Paramedic recounts terrifying night of mass shooting

LAS VEGAS - When the shots rang out one month ago, a team of paramedics was already at the Route 91 concert venue.

Henderson-based community ambulance had been providing routine first aid throughout the Harvest Music Festival.

Their quick decisions likely saved dozens more lives.

Rescuers train and train so that there's no hesitation to react to just about any scenario they might come across.

But when the shooting started, it didn't take paramedics who were already at the venue to realize there would be nothing routine about their response.

"Even on Sunday, we were seeing our regular flow of what we would expect on any other Sunday at the Route 91 concert," said Glen Simpson, special event manager, Community Ambulance.

Simpson was one of 16 community ambulance employees wrapping up their duty after three days of providing first aid at the Route 91 Harvest Festival.

In an instant, everything changed.

"I was on Las Vegas Boulevard when the shooting began, along with five Metro officers," he said.

Now under fire, these first responders turned into combat medics. The sheer magnitude of the situation warranted extraordinary action.

"We don't train to get shot at, we don't train to go out there and provide care in hostile environments such as this one, and our team came and showed what they were able to do," Simpson said.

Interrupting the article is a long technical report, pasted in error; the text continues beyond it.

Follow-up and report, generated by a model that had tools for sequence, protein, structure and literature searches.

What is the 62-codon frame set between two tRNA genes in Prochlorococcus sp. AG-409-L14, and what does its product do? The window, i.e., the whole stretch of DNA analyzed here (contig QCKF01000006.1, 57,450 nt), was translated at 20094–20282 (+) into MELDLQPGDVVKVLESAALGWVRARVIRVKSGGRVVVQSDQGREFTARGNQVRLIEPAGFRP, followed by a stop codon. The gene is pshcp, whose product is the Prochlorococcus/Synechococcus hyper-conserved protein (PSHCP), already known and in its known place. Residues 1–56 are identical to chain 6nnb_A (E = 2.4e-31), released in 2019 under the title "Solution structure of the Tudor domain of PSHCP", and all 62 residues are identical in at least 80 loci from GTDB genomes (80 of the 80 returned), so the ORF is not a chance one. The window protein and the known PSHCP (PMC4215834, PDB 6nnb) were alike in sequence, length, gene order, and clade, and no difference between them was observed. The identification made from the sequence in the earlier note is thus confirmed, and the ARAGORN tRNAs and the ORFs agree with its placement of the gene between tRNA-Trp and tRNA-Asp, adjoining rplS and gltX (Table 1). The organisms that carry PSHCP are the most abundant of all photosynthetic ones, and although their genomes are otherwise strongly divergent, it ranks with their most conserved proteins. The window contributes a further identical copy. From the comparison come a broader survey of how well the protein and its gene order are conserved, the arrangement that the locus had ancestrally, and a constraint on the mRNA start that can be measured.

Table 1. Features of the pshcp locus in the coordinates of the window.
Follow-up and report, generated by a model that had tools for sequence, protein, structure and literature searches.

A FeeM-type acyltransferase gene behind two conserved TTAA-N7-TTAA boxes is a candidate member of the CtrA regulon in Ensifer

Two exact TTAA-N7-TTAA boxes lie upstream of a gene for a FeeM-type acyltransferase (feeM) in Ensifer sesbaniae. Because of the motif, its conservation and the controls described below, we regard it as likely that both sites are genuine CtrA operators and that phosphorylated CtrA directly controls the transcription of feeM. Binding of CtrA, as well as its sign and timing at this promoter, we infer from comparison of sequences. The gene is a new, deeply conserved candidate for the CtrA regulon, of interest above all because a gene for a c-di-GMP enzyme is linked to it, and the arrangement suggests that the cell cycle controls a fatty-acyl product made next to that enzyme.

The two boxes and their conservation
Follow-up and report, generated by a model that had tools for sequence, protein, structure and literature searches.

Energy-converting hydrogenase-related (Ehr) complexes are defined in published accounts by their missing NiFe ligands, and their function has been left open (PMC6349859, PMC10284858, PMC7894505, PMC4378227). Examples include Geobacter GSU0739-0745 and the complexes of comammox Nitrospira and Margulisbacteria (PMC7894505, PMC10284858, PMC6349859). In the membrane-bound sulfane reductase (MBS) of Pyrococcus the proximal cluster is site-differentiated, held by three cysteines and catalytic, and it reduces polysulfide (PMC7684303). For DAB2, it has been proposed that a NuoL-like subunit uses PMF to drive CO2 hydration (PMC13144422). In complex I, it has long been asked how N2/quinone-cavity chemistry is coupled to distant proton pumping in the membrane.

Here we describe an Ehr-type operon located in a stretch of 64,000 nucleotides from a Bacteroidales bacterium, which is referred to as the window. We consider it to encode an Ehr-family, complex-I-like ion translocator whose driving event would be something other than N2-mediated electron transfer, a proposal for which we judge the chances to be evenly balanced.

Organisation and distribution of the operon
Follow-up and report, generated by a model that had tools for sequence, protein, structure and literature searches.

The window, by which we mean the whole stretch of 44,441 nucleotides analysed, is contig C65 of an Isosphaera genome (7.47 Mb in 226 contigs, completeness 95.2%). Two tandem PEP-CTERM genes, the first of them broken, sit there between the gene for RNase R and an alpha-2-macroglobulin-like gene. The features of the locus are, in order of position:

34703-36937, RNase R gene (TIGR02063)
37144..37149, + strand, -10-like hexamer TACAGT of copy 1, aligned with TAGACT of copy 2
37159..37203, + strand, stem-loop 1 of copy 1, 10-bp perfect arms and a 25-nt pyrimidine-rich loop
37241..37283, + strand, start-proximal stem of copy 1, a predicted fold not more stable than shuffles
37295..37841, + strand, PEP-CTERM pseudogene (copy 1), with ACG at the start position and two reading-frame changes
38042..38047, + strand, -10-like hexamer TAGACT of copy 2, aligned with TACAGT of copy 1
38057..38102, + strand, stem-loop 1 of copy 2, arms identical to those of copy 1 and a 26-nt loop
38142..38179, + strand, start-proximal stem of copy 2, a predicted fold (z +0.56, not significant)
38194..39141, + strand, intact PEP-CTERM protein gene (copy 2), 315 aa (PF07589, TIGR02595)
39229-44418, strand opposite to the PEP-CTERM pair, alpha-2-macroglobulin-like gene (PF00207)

Twenty two thousand concertgoers, more than 500 wounded, and tragically some of the 58, who lost their lives were already dead inside the venue.

It didn't matter how -- the goal was -- to get everyone who needed help to the hospital.

"At one point, I had crews arriving, they were taking their gurneys out of the trucks, leaving the gurneys curbside, just so we could make room for more patients."

The first ambulances out had as many as eight patients on board. While waiting for ambulances from across the valley to arrive, they helped load people into stranger's vehicles.

Simpson is struck by how everyone pitched in to help during the tragedy and touched by the response since.

"There's no timeline on as to when we'll all be OK, so to speak, but we know together, and with the continued support of the community, that you know, it's VegasStrong, and that's what we're going to be at the end of the day," Simpson said.  

Ambulances came and went for hours that night. Simpson says, they were still finding victims and taking them to the hospital until almost 4 a.m. nearly 6 hours after the shooting.


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